Michelle Malkin took the NY Times to task yesterday morning, for an article which appears to trumpet Hezbollah’s leadership in rebuilding South Lebanon. Unfortunately, I think the NYT was merely addressing the reality. It is the Lebanese who do not seem to understand that when Hezbollah puts missile launchers behind their houses, the destruction of those houses becomes Hezbollah’s fault — and therefore it deserves no thanks for restoring them.
You can read more on the respective sites or by following the link below to read my summary, but, in any case, you should not miss the following, which is circling the web and found its way to Malkin’s site:
The Times reports:
BEIRUT, Lebanon, Aug. 15 — As stunned Lebanese returned Tuesday over broken roads to shattered apartments in the south, it increasingly seemed that the beneficiary of the destruction was most likely to be Hezbollah.
A major reason — in addition to its hard-won reputation as the only Arab force that fought Israel to a standstill — is that it is already dominating the efforts to rebuild with a torrent of money from oil-rich Iran.
Nehme Y. Tohme, a member of Parliament from the anti-Syrian reform bloc and the country’s minister for the displaced, said he had been told by Hezbollah officials that when the shooting stopped, Iran would provide Hezbollah with an “unlimited budget” for reconstruction.
In his victory speech on Monday night, Hezbollah’s leader, Sheik Hassan Nasrallah, offered money for “decent and suitable furniture” and a year’s rent on a house to any Lebanese who lost his home in the month-long war.
“Completing the victory,” he said, “can come with reconstruction.”
Is this a joke, a parody, somebody’s idea of turning the moral realm on its head and portraying a genocidal guerilla army as a cross between the Lady Bountiiful, Santa Claus and the Army Corps of Engineers?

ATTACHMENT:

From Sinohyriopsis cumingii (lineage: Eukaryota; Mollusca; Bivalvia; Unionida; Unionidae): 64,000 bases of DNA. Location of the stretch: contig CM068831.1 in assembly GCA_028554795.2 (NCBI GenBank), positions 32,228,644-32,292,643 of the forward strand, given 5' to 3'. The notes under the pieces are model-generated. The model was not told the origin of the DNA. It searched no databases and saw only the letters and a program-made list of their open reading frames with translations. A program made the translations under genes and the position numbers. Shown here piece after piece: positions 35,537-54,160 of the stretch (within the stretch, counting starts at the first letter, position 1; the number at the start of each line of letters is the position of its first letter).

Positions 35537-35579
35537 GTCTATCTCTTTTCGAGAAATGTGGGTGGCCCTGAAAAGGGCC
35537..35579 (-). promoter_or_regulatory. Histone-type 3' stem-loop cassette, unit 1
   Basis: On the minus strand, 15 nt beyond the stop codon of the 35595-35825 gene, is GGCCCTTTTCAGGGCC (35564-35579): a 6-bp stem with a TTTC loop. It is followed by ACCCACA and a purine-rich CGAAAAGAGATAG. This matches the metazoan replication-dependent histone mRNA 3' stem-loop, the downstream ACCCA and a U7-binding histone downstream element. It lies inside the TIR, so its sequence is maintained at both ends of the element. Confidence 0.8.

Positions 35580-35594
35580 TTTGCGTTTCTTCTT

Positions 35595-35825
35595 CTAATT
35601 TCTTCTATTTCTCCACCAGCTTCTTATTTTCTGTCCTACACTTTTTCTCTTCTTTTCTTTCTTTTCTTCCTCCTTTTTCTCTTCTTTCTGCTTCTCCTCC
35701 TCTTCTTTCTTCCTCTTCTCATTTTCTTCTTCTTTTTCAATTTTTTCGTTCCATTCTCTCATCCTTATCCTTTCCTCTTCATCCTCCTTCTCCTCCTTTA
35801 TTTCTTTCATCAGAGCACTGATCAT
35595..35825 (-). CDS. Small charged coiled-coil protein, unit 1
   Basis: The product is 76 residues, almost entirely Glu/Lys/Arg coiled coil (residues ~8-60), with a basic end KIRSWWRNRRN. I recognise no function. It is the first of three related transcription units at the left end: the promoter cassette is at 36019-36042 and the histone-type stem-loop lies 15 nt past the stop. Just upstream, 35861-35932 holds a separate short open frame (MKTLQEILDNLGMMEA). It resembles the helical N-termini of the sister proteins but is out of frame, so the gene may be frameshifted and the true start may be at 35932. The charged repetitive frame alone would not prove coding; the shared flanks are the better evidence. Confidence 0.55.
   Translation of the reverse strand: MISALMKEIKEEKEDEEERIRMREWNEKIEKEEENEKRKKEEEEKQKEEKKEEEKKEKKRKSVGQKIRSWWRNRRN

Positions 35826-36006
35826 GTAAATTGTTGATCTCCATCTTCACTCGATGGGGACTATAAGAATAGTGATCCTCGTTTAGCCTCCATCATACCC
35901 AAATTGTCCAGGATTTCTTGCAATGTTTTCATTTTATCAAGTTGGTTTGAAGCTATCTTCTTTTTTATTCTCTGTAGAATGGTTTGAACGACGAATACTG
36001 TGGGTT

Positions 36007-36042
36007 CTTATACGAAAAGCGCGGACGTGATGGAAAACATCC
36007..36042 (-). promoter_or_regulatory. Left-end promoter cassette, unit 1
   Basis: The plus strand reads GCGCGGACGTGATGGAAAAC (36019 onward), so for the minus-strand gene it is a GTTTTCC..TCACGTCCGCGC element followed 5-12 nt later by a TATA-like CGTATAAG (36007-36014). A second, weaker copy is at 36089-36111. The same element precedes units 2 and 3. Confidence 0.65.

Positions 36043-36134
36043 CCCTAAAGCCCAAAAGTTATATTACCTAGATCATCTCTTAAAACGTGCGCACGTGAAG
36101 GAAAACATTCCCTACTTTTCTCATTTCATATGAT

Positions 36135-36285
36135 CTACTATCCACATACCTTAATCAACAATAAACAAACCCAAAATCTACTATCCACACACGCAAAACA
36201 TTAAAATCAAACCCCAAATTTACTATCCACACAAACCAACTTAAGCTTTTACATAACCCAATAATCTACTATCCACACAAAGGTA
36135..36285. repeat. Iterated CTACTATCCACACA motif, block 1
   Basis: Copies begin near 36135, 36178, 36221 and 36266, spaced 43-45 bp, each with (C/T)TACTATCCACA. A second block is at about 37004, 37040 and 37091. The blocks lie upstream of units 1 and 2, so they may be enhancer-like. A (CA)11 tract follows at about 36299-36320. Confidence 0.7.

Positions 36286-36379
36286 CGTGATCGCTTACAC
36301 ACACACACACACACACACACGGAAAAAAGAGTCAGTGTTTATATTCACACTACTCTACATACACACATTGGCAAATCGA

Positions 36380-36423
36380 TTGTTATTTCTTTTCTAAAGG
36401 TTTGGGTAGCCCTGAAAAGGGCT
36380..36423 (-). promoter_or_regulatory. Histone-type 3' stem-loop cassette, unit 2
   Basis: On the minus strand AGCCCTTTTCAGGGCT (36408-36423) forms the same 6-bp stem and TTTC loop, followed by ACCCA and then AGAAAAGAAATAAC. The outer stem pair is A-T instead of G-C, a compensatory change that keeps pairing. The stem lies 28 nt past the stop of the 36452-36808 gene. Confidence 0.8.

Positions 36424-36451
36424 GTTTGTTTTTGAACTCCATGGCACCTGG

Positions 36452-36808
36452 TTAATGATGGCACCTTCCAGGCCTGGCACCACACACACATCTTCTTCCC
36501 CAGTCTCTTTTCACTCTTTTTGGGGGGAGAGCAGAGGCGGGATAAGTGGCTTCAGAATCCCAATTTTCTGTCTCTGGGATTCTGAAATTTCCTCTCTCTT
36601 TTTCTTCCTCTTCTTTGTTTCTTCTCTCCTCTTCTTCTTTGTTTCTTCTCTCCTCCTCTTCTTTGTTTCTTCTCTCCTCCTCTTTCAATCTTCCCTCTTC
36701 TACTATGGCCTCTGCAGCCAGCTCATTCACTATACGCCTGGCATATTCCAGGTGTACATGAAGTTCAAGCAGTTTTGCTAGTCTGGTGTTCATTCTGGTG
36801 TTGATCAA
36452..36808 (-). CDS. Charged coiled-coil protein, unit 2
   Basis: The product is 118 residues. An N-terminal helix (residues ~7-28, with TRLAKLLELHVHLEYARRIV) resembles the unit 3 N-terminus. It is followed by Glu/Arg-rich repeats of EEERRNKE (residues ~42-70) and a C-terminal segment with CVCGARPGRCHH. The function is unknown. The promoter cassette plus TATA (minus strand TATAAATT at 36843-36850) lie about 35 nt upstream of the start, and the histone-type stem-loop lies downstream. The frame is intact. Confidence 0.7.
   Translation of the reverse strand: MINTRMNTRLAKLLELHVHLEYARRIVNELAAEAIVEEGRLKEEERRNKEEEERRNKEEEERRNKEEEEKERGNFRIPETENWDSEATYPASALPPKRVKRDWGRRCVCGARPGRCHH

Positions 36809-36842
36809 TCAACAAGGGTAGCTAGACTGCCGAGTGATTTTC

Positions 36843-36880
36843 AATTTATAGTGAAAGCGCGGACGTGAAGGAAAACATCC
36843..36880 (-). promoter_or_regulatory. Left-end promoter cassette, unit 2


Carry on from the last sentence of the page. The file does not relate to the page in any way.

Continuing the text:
With Iran pouring cash into Hezbollah coffers for reconstruction projects in Lebanese towns that Hezbollah itself turned into battlegrounds by hiding its men and munitions in backyards, apartment houses and “hospitals,” the Grey Lady really dons the full-metal-hijab for Hezbollah this time, pushing the old “social services” story as the terror org’s means of “gaining stature.” The not-so-subtle subtext rationalizes Hezbollah’s support among what you might call ordinary Lebanese people: Hezbollah delivers tangible aid and comfort, so why shouldn’t “ordinary” Lebanese people give Hezbollah their undying devotion?
She then goes on to point out that this is the same way Hamas portrays itself, masking its terrorist activities with “humanitarian” support for kindergartens and other social services. And it’s true — Hamas does build Arab kindergartens while trying to land missiles in the middle of Jewish ones.
The problem is that in both cases, it is the terrorist organizations masking themselves, and not the press or our politicians masking them. The fact that the PA electorate selected the terrorist Hamas organization in January is, in fact, largely attributable to Hamas’ social services, as well as its reputation for being less corrupt than the PLO. In Arabic the PLO has never hidden its support for terrorists who attack Israel, and Arafat’s links to terror funding are well documented — so I do not believe we can say the Hamas victory was an endorsement of terrorism over peace, but rather an endorsement of greater honesty in both domestic affairs as well as the desire of the Palestinians to destroy Israel.
It is true, of course, that “the PA people supported Hamas’s genocidal campaign against Israel’s very state of being” as Malkin writes — I just don’t perceive a difference between Hamas and much of the PLO in that regard.